You’re probably familiar with the word beechnut, but likely your first thoughts pertain either to smokeless tobacco, baby food or chewing gum. American beech (Fagus grandifolia) is one of our more common trees and yes, the nuts are edible.
Small size and tightness to the hulls renders them of little commercial use, but their flavor is quite pleasing. Dried and ground into a coarse flour, beechnut meal gives pancakes a nutty flavor similar to buckwheat. Some people even roast the nuts, grind them, and use the product to make a coffee substitute. I haven’t tried that.
The triangular-shaped nuts are borne in spiny husks. They look somewhat like buckwheat seeds, but are a little larger. They can be eaten fresh or lightly roasted and contain significant amounts of oil. Much of it is the desirable monounsaturated Omega-3 type. Other than that, nutritional value is nothing to get excited about, but nuts are calorie dense and will keep you going in survival situations. Numerous wildlife species depend on them. Deer and rabbits browse the twigs as well.
If you rarely stray from cultivated landscaping it is possible you haven’t noticed this tree much. Beech has attractive smooth gray bark and copper-colored fall foliage. Leaves persist long after they have turned brown. After the leaves fall the long pointed buds are showy as well. When grown in open areas they develop into handsome shade trees.
They don’t usually mature and produce nuts until trees are about 40 years old. After that, fruiting can be sporadic. Some years they may produce little at all.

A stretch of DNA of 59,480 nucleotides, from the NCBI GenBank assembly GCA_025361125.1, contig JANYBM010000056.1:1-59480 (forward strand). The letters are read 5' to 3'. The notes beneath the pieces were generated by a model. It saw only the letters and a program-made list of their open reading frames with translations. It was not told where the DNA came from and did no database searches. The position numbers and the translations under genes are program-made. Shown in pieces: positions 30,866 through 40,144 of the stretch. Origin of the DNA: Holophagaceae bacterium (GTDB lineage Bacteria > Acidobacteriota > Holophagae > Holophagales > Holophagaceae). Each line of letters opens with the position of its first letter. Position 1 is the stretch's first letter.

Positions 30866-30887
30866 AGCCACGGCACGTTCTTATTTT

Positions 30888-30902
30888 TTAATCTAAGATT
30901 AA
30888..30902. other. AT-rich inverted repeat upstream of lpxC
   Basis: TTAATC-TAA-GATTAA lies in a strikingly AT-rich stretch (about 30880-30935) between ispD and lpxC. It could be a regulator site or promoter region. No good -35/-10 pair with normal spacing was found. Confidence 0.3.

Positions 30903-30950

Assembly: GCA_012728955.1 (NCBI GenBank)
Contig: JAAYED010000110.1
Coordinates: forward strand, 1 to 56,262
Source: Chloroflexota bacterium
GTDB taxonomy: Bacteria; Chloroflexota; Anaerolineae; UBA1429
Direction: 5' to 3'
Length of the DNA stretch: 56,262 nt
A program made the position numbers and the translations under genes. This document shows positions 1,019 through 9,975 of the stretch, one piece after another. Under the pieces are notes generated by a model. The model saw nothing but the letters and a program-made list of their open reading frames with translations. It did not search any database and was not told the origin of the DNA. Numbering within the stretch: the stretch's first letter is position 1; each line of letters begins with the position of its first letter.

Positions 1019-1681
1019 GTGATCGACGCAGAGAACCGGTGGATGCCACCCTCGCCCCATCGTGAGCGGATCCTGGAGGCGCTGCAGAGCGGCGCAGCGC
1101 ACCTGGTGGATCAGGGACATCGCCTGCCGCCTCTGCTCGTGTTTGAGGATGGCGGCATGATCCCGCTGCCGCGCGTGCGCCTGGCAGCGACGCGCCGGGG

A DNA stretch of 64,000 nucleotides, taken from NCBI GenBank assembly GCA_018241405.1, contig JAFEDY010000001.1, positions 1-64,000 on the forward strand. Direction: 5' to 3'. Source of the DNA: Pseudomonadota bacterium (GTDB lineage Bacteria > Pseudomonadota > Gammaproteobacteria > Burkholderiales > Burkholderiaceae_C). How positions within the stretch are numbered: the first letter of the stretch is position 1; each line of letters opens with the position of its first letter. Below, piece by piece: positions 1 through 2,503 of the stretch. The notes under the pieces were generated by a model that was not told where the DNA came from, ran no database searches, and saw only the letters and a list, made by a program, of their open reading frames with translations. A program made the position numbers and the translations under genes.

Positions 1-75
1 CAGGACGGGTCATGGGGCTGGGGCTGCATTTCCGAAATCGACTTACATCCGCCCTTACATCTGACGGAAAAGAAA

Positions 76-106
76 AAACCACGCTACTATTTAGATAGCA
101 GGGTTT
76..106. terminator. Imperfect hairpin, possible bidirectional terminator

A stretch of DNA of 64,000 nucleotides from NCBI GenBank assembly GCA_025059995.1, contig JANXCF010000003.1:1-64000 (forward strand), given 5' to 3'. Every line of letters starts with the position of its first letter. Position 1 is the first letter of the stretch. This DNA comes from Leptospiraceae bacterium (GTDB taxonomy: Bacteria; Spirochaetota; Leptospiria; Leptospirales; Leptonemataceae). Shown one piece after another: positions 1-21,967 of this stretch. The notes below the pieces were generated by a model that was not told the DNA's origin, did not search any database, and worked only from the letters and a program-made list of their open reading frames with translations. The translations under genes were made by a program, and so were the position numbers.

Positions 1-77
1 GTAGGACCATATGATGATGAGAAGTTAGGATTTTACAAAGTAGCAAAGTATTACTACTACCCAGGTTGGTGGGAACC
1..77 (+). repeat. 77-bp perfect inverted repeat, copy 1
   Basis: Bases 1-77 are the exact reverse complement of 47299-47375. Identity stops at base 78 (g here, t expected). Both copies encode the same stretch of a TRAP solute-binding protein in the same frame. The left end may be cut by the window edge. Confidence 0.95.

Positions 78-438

These slow growing trees are among the longest living things in our area. Some can live up to 400 years. Older specimens develop hollow trunks, ideal homes for wildlife. They are abundant throughout the eastern US and southern Canada.
So why aren’t they used more? Beeches have shallow but sprawling root systems, making them incompatible with most of the rest of our landscaping. Roots interfere with lawns and flowerbeds. Many suckers spring up from the roots as well. These shallow roots and persistent leaves in late fall and winter make them susceptible to fire damage. This alone likely accounts for their absence in the western US.
So what good are they other than survival food? The wood is quite durable underwater and was once used for making waterwheels for grist mills. Today the wood is still popular for making barrels to age beer.
Actually, most beer is aged in steel tanks filled with beech wood chips, not in barrels, but that doesn’t sound as appetizing or romantic. At the breweries, the chips are placed in the bottom of tanks where the beer is naturally carbonated. The chips impart no special flavor, but they become a substrate for the yeast to grow on so the process is more efficient. Anheuser-Busch frequently refers to its beech wood aged Budweiser beer in its commercials.
Beech is also used for flooring, furniture, and gunstocks. Due to its density and high energy output, it is a leading source of firewood. Long live the beech.
Ted Manzer teaches agriculture at Northeastern High School.